I'm interested in locally small, cocomplete categories $\mathbf{C}$ such that every limit preserving functor


is representable. Is there a name for such categories?

I thought they might be equivalent to some existing notion such as locally presentable categories or total categories, but I can't prove the equivalence in either case.

  • 3
    $\begingroup$ Call Cunnigham category your notion. Any loc. pres category is Cunnigham, because of the AFT. The converse is not true, in fact, Top is Cunnigham but not locally presentable. Any cocomplete well-copowered category with a generator is Cunnigham. $\endgroup$ – Ivan Di Liberti Oct 9 '18 at 16:47
  • $\begingroup$ @IvanDiLiberti Good example! Is there also an easy example of a cocomplete category that is well-copowered but not total? $\endgroup$ – Oscar Cunningham Oct 9 '18 at 16:56
  • $\begingroup$ I am not sure to know such an example. But your question is related to this one: mathoverflow.net/questions/312051/virtual-generators $\endgroup$ – Ivan Di Liberti Oct 9 '18 at 17:00
  • $\begingroup$ @IvanDiLiberti I found some references, so I gave my own answer. Maybe it will help your question? $\endgroup$ – Oscar Cunningham Oct 9 '18 at 21:26
  • $\begingroup$ Thanks Oscar :). $\endgroup$ – Ivan Di Liberti Oct 9 '18 at 21:27

Without the cocompleteness condition, these were studied in G. M. Kelly's paper "A survey of totality for enriched and ordinary categories" under the name compact categories, and in this mathoverflow question under the much better name saft categories (after the Special Adjoint Functor Theorem).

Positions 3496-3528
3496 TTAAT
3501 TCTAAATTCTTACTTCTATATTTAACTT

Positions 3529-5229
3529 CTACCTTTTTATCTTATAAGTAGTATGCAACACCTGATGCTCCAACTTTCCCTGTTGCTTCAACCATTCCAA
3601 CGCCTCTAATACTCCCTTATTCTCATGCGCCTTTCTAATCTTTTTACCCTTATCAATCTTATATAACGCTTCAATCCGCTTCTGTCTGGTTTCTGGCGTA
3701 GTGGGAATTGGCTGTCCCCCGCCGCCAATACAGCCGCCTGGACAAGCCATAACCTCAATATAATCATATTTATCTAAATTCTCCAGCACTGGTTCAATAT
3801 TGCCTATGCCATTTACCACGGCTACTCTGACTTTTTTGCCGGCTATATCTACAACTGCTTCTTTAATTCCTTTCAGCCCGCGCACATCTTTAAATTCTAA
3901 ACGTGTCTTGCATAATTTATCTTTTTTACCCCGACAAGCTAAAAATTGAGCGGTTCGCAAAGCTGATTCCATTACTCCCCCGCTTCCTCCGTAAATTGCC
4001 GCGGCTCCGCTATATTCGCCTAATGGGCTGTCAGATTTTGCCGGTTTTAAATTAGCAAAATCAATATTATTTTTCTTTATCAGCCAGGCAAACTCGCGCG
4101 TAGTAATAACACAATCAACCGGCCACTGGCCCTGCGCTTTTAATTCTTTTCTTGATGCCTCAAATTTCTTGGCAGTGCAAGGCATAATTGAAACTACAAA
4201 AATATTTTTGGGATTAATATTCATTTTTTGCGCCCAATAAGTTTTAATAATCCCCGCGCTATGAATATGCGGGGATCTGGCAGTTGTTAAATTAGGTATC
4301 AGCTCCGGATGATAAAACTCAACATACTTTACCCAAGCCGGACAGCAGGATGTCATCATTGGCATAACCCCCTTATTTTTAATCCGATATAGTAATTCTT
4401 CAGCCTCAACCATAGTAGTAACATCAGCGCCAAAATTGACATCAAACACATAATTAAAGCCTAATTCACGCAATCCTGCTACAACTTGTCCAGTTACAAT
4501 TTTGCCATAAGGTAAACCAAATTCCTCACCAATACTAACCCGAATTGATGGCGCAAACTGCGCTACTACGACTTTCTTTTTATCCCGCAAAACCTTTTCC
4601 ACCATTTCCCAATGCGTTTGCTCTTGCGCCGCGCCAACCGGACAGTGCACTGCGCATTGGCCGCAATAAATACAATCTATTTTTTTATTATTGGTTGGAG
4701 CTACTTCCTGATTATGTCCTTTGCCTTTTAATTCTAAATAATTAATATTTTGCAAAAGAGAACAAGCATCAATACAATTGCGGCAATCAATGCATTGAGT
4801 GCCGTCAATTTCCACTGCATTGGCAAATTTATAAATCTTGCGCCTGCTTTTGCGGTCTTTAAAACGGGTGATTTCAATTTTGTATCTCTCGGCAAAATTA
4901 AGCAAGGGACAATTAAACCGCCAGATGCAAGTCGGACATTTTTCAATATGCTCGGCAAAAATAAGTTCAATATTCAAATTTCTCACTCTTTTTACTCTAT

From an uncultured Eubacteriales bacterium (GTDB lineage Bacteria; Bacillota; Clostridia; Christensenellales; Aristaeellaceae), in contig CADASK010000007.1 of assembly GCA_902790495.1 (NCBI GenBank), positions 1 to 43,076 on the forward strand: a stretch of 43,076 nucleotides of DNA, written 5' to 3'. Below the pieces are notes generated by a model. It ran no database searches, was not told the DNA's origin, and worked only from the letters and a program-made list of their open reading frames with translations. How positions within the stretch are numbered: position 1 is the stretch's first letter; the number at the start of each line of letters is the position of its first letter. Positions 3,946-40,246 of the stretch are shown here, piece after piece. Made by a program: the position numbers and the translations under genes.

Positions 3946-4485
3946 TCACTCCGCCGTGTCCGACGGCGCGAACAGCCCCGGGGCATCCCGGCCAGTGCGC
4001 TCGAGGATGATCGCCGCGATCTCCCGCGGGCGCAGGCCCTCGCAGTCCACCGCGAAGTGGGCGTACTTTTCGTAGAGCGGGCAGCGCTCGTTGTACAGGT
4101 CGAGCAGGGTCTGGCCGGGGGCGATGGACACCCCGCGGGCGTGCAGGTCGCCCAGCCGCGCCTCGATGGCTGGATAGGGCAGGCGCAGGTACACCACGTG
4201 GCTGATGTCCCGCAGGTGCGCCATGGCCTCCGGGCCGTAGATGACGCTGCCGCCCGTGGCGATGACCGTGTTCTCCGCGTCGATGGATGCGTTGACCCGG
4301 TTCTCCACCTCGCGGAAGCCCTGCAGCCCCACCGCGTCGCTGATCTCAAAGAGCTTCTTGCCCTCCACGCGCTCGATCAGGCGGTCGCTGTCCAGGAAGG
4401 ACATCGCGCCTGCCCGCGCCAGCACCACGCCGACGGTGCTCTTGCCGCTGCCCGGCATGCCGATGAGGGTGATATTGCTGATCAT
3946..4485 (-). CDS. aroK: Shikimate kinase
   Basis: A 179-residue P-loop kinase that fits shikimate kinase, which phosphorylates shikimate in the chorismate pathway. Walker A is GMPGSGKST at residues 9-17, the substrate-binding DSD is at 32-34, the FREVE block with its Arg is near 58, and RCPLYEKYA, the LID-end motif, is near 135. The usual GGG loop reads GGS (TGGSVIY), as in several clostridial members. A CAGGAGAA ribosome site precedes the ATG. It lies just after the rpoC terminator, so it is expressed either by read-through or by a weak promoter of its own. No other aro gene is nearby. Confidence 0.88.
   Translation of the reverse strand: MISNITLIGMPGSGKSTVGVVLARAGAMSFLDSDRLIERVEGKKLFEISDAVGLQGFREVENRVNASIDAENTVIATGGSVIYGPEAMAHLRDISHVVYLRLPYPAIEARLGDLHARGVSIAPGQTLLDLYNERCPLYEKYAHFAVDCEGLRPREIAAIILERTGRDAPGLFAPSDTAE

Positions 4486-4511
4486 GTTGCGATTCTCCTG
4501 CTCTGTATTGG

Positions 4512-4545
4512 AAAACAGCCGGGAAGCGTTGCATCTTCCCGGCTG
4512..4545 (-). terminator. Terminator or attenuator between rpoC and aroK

In that question, Theo Johnson-Freyd gives the following equivalent characterisations:

Theorem. Let $\mathbf{C}$ be a locally small category. Then the following are equivalent:

  1. Every continuous functor $\mathbf{C}^\mathrm{op}\to\mathbf{Set}$ is representable.

  2. For all locally small $\mathbf{D}$, every cocontinuous functor $\mathbf{C}\to\mathbf{D}$ has a right adjoint.

Proof. (1) $\Rightarrow$ (2) Let $F:\mathbf{C}\to\mathbf{D}$ be cocontinuous. For $d\in\mathbf{D}$ the functor $\mathrm{Hom}(F(-),d):\mathbf{C}^\mathrm{op}\to\mathbf{Set}$ is continuous, and hence representable by an object $G(d)\in\mathbf{C}$. Then given any $c\in\mathbf{C}$ we have $\mathrm{Hom}(F(c),d)\simeq\mathrm{Hom}(c,G(d))$, which [by Categories for the Working Mathematician IV.2.ii] is enough to establish that $F$ has a right adjoint agreeing with $G$ on objects.

(2) $\Rightarrow$ (1) Let $F:\mathbf{C}^\mathrm{op}\to\mathbf{Set}$ be continuous. Then $F^\mathrm{op}:\mathbf{C}\to\mathbf{Set}^\mathrm{op}$ is cocontinuous and $\mathbf{Set}^\mathrm{op}$ is locally small, so $F^\mathrm{op}$ has a right adjoint $G$. Then $F$ is represented by $G(1)$ since $F(c)\simeq\mathrm{Hom}_\mathbf{Set}(1,F(c))\simeq\mathrm{Hom}_{\mathbf{Set}^\mathrm{op}}(F(c),1)\simeq\mathrm{Hom}_\mathbf{C}(c,G(1))$. $\square$

They also point out that every saft category must be complete (since for any small diagram $F:\mathbf{K}\to\mathbf{C}$ the functor $\lim_{k\in K}\mathrm{Hom}(-,F(k)):\mathbf{C}^\mathrm{op}\to\mathbf{Set}$ is continuous, and hence representable by an object of $\mathbf{C}$ which is therefore the limit of $F$). Interestingly they don't have to be cocomplete, a property normally needed for the SAFT.

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    $\begingroup$ I might suggest that the failure of cocompleteness is an indication that total categories are a more natural class than saft ones. This is further indicated by the weirdness of the Adamek example of a saft, non-total category. $\endgroup$ – Kevin Carlson Oct 10 '18 at 5:26

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